My sketch book showing the colours chosen, and the three swatches created.  The upper right swatch was  knit as though pivoting around its lower right corner using a combination of short rows, increases and decreases.  Fortunately it was knit with wool and easily blocked into a rectangle!
So ends the November exploration of apples.

Friday, January 25, 2013

Knitting the Seasons--October

I'm on a roll now...
The theme for October was the beautiful oak tree in the south-west corner of our back yard.  This tree is at least 60 years old, perhaps more.
At the beginning of October it was just starting to change colour.
By Thanksgiving, those brown leaves had dropped off, and the rest of the leaves had taken on  a yellow hue.

Swatches from the yellow period.
By October 17, the leaves were turning red.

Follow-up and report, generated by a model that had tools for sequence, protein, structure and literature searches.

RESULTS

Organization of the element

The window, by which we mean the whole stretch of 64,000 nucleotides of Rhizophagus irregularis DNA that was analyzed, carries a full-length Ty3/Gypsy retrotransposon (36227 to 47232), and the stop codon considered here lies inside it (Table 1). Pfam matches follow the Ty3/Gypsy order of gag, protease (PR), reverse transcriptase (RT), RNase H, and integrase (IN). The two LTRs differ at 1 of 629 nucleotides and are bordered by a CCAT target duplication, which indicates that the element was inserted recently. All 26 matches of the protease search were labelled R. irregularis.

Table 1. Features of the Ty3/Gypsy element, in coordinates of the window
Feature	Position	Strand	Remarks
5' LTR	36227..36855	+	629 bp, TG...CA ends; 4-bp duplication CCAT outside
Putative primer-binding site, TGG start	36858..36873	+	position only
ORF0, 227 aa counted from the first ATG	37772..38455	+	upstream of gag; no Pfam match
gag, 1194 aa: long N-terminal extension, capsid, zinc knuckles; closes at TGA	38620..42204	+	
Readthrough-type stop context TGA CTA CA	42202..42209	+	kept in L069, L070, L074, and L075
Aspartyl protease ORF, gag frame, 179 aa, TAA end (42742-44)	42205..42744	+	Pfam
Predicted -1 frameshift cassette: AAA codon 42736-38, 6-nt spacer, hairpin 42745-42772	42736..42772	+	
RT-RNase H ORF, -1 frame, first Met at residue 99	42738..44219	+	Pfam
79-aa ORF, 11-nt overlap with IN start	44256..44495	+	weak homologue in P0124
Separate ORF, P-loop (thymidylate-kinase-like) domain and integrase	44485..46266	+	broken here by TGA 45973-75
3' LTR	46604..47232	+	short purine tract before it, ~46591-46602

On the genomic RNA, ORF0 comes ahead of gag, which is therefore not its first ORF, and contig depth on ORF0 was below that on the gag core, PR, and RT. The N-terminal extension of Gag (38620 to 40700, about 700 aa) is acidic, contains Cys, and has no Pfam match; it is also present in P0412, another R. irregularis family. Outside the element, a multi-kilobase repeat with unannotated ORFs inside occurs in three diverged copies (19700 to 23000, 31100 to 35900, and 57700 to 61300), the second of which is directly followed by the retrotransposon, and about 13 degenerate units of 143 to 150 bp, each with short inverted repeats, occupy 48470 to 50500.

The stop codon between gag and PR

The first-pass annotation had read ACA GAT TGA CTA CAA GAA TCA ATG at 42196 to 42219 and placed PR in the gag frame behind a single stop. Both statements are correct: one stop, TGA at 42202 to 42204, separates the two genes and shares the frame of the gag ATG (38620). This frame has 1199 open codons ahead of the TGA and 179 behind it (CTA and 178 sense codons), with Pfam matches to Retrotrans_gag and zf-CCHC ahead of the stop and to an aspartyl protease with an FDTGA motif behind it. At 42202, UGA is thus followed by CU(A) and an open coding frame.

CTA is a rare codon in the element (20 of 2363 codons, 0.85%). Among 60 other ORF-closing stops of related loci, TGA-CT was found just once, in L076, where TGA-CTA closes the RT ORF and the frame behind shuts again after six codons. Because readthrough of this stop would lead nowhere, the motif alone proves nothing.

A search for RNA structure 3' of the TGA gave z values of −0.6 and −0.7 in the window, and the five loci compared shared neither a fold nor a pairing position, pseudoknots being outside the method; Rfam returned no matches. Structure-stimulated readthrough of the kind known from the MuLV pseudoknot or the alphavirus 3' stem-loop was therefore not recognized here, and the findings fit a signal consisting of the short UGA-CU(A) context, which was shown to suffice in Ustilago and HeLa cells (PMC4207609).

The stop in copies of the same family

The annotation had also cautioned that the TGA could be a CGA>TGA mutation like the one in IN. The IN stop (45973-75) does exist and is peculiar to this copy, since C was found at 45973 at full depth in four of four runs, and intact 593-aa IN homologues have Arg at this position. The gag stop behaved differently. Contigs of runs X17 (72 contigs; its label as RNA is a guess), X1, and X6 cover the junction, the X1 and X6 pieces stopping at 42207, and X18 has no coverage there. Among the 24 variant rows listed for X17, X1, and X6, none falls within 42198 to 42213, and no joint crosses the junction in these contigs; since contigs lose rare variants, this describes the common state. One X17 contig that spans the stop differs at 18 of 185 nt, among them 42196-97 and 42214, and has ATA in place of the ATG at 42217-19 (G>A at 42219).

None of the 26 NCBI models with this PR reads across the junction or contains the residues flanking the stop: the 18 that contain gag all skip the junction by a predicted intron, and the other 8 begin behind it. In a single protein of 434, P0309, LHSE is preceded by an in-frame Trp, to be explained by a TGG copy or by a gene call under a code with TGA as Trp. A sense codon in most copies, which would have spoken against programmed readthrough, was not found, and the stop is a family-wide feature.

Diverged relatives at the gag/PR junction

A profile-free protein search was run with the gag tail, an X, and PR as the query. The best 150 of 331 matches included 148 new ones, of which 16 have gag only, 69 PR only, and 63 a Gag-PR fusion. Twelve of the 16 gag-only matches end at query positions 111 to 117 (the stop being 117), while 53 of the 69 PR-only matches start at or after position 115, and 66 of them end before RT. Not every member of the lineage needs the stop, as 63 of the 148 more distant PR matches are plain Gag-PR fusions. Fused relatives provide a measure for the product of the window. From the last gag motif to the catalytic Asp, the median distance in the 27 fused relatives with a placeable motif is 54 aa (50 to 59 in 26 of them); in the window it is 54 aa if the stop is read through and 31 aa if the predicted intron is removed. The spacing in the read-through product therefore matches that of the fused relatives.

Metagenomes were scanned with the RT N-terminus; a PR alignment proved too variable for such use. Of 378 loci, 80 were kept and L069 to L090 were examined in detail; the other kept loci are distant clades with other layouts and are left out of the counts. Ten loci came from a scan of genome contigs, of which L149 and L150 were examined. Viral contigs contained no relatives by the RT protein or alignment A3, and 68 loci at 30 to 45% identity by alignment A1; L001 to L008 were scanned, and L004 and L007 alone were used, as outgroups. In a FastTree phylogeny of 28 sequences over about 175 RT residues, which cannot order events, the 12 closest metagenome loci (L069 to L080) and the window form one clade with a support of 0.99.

My knitting workspace--swatches are now in the red phase.  This image shows a view of my sketch book as well as the collection of yarns I was working with.  It was also useful to have some leaves on the table!
The tree on October 31st.
The collection of swatches showing the progress from green  to yellow to red.

Thursday, January 24, 2013

Knitting the Seasons--September

As promised, here is the second installment of my current project Knitting the Seasons.
In September, Lloyd and I joined a guided hike into the Burgess Shale in the Canadian Rockies.  Lloyd has long wanted to visit this fossil quarry and entrance is only possible on a guided hike.  I was curious to see if I was fit enough for a 10 1/2 hour hike with an 800 metre elevation change--YES!  We both enjoyed the experience so much that we're bound and determined to do more hiking next year.